DDW23: Endoscopic ReCET Procedure Plus Semaglutide Eliminates Need for Insulin in Type 2 Diabetes

MedicalResearch.com Interview with:
Celine B. E. Busch, Research Associate

Gastroenterology and Hepatology Standard PhD Candidate
Dr. Jacques Bergman
Professor, Gastroenterology and Hepatology
Amsterdam UMC

MedicalResearch.com: What is the background for this study? Would you describe the ReCET procedure?

Response: Currently more than 400 million people worldwide have type 2 diabetes (T2D) and these numbers are rapidly increasing. At the moment there is no treatment option available that effectively treats the root cause of T2D, i.e. insulin resistance, the increasing loss of response to our body’s own insulin. T2D is generally treated with drug therapy, yet drug therapy can be expensive, requires the patient to take their drugs every day, and at best “controls” the disease without actually resolving it. Despite the availability of many T2D drugs, less than 50% of all T2D have adequately controlled blood glucose levels.

The duodenum (the first part of the small bowel, immediately distal to the stomach) has proven to play a crucial role in glucose homeostasis in T2D. We know from bariatric surgery, that bypassing the duodenum by an Roux-en-Y Gastric Bypass has an immediate and profound effect on T2D by improving the sensitivity to the body’s own insulin resistance. However, performing invasive bariatric surgery for many T2D is not feasible. But we can reach the duodenum easily via upper GI endoscopy.

ReCET is a single endoscopic procedure, performed under deep sedation. The ReCET catheter is advanced next to the scope, and once it is placed in the duodenum the flex circuit is unfolded until it touches the full circumference of the duodenum. The flex circuit contains the electrodes that create a pulsed electric field which “electroporates” the cells. Electroporation irreversibly makes small, that cause the cell to die of natural cell death, or apoptosis. This process can be precisely titrated for its depth of damage and does not generate heat thus avoiding damage to deeper wall layers, a major hurdle for standard endoscopic ablation techniques. The ReCET procedure lasts about 60 minutes to treat a 10-15 cm segment of the duodenum. The procedure does not cause significant side-effects and patients are discharged the same day.

MedicalResearch.com: What are the main findings?

Response:  ReCET is a feasible and safe endoscopic treatment. ReCET in combination with a GLP-1 receptor agonist (semaglutide) was able to eliminate insulin therapy in 86% of the patients. Despite the fact that patients were off insulin therapy they had better regulation of their blood glucose and a better metabolic health at both 6 and 12 months follow-up.

MedicalResearch.com: Is this a procedure that could be amenable to widespread adoption?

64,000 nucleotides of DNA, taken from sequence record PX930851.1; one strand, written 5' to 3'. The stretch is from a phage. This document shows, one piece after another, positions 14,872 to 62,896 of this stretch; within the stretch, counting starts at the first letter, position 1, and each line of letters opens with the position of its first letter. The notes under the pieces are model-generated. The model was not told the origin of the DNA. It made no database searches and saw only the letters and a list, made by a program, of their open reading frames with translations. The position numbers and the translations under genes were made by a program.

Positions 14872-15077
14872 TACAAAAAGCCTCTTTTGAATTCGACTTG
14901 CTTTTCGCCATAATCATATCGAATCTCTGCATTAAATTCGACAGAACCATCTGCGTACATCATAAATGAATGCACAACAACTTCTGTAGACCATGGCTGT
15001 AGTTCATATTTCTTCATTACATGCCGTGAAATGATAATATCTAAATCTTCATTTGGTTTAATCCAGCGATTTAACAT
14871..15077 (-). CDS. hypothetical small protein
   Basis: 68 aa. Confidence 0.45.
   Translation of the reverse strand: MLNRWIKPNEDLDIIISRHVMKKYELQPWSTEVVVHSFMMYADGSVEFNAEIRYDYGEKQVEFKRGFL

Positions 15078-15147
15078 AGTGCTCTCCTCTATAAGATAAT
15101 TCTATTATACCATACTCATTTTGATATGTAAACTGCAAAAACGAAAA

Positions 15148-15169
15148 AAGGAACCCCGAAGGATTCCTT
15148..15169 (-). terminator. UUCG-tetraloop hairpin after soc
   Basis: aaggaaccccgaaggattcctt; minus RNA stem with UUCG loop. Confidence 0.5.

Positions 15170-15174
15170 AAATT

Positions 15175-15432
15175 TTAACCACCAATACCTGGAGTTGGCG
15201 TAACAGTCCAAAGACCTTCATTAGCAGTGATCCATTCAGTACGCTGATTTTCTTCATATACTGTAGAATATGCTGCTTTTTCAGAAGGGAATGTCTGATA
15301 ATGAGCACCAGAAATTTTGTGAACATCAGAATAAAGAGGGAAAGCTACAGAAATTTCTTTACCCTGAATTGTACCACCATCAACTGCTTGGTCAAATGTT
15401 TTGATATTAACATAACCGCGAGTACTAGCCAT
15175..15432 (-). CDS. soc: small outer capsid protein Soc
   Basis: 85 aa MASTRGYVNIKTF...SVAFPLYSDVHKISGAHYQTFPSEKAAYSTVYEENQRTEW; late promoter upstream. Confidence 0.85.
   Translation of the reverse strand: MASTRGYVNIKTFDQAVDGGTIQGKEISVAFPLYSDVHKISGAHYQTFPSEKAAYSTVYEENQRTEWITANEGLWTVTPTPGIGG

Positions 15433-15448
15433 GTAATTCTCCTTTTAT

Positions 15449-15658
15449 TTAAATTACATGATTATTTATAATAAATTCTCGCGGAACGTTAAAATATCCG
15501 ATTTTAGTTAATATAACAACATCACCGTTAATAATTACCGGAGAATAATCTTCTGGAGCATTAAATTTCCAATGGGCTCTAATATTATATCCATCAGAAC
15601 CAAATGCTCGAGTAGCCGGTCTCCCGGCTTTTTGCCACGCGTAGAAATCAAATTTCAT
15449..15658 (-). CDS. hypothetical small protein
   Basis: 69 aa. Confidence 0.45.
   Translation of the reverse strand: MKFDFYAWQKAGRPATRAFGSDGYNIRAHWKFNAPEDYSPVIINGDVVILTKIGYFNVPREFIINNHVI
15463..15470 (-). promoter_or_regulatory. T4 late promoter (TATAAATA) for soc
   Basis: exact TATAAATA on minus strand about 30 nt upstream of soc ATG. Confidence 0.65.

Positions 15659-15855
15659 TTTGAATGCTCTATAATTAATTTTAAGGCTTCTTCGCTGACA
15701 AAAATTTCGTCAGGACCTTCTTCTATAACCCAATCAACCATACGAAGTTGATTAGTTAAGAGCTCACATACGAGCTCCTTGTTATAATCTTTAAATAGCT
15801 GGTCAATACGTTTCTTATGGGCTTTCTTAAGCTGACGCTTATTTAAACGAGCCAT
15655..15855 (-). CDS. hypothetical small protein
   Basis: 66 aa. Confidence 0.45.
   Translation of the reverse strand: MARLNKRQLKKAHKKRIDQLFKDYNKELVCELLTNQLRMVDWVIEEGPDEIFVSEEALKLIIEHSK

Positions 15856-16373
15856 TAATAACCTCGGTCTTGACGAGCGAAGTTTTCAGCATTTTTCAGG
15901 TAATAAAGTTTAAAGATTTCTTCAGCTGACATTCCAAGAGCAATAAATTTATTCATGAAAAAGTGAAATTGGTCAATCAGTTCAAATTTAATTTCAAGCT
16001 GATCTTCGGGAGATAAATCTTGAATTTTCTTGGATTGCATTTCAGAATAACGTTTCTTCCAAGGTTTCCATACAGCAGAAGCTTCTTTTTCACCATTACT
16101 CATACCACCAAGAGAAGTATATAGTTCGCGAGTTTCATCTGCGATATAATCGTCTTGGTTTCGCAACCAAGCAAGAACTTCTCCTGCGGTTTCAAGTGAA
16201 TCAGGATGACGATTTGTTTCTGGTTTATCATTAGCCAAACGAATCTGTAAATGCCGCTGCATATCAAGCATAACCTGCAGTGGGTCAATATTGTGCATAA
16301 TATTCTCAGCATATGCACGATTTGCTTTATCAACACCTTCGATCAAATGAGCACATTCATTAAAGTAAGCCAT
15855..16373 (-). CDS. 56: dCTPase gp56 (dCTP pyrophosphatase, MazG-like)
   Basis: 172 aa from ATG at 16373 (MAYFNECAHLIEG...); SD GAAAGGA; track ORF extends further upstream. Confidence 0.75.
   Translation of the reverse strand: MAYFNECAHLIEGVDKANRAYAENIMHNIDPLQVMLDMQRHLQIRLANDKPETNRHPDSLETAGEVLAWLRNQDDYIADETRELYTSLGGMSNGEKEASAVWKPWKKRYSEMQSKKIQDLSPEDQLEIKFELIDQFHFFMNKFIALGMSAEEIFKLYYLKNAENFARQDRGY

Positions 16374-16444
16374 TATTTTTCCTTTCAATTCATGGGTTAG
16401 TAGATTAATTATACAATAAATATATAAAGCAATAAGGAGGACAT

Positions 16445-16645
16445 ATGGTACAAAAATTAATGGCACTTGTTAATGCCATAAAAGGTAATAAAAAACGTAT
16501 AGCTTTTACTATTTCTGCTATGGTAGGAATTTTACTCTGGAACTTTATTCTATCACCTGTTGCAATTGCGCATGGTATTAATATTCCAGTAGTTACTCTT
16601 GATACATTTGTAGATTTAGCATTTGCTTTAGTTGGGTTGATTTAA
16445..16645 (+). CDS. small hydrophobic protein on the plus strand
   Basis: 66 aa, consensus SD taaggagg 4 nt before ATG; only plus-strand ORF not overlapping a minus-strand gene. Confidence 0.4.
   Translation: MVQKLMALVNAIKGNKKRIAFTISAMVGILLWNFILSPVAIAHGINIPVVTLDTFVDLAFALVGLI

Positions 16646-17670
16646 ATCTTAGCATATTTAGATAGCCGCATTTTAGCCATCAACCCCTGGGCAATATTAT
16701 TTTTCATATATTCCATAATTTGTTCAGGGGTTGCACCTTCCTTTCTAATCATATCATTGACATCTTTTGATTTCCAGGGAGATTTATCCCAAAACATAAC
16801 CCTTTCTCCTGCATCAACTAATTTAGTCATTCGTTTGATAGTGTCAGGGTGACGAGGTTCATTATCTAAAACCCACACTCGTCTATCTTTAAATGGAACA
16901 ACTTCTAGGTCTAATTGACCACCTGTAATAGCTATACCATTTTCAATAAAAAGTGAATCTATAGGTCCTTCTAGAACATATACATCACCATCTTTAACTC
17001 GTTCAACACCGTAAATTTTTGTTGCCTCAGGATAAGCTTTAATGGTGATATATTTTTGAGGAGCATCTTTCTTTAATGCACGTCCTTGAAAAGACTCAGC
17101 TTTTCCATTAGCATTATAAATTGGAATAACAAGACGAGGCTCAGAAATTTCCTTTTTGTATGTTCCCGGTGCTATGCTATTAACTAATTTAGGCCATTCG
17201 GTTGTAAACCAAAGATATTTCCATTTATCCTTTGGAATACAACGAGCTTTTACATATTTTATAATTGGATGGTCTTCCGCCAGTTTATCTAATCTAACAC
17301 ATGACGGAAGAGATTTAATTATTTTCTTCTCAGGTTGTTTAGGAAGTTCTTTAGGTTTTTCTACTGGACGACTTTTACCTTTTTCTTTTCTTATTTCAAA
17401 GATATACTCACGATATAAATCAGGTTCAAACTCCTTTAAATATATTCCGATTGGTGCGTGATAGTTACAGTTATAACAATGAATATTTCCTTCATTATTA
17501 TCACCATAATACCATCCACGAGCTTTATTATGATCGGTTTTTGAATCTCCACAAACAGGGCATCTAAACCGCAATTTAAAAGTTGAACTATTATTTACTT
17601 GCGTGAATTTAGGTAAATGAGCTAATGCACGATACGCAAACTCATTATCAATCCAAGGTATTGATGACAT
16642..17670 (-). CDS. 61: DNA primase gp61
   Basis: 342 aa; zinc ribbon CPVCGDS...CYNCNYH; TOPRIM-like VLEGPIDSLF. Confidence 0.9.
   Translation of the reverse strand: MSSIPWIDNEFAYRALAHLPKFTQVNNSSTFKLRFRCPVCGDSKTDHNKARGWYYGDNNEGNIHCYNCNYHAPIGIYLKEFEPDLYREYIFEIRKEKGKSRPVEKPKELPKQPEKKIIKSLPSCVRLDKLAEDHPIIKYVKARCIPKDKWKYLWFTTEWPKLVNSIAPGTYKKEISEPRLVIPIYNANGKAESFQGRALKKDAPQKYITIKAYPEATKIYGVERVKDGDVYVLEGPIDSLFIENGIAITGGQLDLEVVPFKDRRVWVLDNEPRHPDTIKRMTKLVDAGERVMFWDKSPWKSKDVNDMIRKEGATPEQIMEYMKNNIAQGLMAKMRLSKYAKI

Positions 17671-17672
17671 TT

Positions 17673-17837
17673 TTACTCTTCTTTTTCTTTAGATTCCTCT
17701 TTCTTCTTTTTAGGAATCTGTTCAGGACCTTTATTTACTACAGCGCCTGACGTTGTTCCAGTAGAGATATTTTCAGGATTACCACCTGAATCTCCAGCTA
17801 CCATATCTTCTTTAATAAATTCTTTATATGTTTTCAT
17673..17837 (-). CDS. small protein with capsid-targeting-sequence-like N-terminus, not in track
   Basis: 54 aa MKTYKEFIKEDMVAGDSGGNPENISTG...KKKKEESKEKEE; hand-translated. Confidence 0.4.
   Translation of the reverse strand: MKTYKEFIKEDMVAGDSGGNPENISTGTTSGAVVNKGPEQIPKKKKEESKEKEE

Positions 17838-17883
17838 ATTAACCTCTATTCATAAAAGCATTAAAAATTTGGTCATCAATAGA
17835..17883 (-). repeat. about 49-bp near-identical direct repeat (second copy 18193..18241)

Response:  Yes it is. Although currently only performed as part of clinical studies by experienced interventional endoscopists, we expect the ReCET procedure to be further simplified, thus shortening the duration of the procedure and making it within the reach of general endoscopists.

MedicalResearch.com: What recommendations do you have for future research as a results of this study?

Response: We are planning a double-blind sham-controlled randomized controlled trial that will start enrollment within 2 months. Patients are randomized to either the ReCET or a “sham” procedure, which means that patients undergo the same endoscopic procedure without the ReCET catheter being activated. After the procedure (either ReCET or sham) all patients will stop their insulin and will be started on semaglutide. Both the patient and the attending medical team will be blinded to the allocated treatment (ReCET or sham). At 6 months, unblinding will take place and the number of patients off insulin with adequate control of their T2D will be compared between the two groups. Patients in the sham group are offered the ReCET procedure at that time point.

Disclosures: We received an unrestricted research grant from Endogenex to conduct this study. Endogenex is the company that holds all rights on the ReCET procedure.

Citation: DDW 2023 presentation:

Re-cellularization via electroporation therapy (RECET) combined with glp-1ra to replace insulin therapy in patients with type 2 diabetes (T2D): six-month results of the EMINENT study

The information on MedicalResearch.com is provided for educational purposes only, and is in no way intended to diagnose, cure, or treat any medical or other condition. Always seek the advice of your physician or other qualified health and ask your doctor any questions you may have regarding a medical condition. In addition to all other limitations and disclaimers in this agreement, service provider and its third party providers disclaim any liability or loss in connection with the content provided on this website.



Last Updated on May 4, 2023 by Marie Benz